In today’s digital world, so much of our personal information is just a password and a click away. And when it comes to coming up with a password for secure online banking, it’s important to come up with something that will keep you and your finances safe. We’ve come up with the following password guide to help you figure out how to stay safe on line. Take a look and see if your passwords are secure enough.
1. Avoid the obvious
While you may be tempted to use your birthday or phone number or even the word “password,” don’t do it. These practices are all more common than you’d think and doesn’t lead to secure online banking. Try to come up with something that no one in the world would ever guess.
2. Go For Long, Not Short
Short passwords can be easily memorized by someone looking ever your shoulder and are easily cracked using certain types of hacking software. Make yours longer, maybe an entire sentence, if possible. The more characters there are, the harder it will be to figure out.
3. Don’t Write It Down
Writing down your password is never a good idea. You never know what that slip of paper might end up in the wrong hands! Come up with something that’s complex, but that you’re also able to memorize.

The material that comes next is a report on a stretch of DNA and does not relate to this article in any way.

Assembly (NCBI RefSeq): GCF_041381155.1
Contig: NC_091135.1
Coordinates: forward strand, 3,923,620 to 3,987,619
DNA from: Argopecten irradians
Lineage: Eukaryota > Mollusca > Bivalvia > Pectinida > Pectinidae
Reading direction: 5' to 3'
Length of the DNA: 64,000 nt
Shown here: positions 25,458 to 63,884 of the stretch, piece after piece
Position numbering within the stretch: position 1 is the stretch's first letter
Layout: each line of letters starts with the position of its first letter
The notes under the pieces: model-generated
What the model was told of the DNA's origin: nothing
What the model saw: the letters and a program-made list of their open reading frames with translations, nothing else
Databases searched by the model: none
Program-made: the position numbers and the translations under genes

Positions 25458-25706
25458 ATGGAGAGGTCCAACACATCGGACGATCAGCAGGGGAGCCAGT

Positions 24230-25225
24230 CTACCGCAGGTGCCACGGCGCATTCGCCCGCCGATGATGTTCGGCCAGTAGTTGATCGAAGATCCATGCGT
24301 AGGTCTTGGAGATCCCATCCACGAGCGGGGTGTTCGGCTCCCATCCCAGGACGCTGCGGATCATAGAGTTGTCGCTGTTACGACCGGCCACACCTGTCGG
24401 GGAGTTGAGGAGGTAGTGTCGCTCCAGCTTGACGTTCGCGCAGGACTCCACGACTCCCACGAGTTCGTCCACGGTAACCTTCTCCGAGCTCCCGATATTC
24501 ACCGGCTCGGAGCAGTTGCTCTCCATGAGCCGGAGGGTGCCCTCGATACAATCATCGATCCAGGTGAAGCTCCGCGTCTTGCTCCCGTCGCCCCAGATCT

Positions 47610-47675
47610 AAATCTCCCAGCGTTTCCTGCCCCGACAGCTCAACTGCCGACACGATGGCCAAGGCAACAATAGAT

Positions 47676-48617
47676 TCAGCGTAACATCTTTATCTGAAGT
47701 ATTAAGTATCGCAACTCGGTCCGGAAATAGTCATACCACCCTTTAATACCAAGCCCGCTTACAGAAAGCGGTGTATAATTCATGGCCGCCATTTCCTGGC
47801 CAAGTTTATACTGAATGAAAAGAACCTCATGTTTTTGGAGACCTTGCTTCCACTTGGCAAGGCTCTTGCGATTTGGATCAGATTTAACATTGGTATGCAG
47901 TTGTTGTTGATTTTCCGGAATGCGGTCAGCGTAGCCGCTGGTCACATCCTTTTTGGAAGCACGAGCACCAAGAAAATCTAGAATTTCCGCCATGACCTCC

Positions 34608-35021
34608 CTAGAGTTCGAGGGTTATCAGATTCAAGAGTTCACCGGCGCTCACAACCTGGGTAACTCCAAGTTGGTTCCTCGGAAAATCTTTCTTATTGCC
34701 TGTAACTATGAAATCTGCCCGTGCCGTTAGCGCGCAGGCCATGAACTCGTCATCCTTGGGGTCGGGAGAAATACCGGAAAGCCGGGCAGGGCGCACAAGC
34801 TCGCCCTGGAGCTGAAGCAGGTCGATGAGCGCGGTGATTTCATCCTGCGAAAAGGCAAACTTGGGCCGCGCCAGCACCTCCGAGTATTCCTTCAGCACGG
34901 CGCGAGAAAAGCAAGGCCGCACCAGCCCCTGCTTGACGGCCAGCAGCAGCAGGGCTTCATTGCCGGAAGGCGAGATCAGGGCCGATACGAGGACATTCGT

4. Mix it up
Use a variety of different characters: upper-case letters, lower-case letters, number, even a !, &, or a %. The more variety you can use, the better. You can even get creative. For instance, “sandcastle” can turn into “s&castle.”
5. Change Your Password Often
It’s easy to get lazy and use the same password year after year, but internet security experts suggest changing your password every 30 – 60 days. Think of it as changing locks on your online life once a month. It’s free, easy, and keeps your online bank account as secure as possible, so why not do it?
6. Don’t Use the Same Passwords for All of Your Accounts
In the event that someone figures out one of your passwords, the last thing you want is for them to be able able to access all of your personal information. A good rule of thumb is to have one password for less sensitive information (i.e., social networking sites, email, instant messaging) and another for sites that contain your financial information.
7. Verify the Site
Following these simple rules will help you keep your financial information safe and secure.
What other tips (without sharing too much, of course) do you have for making your passwords secure?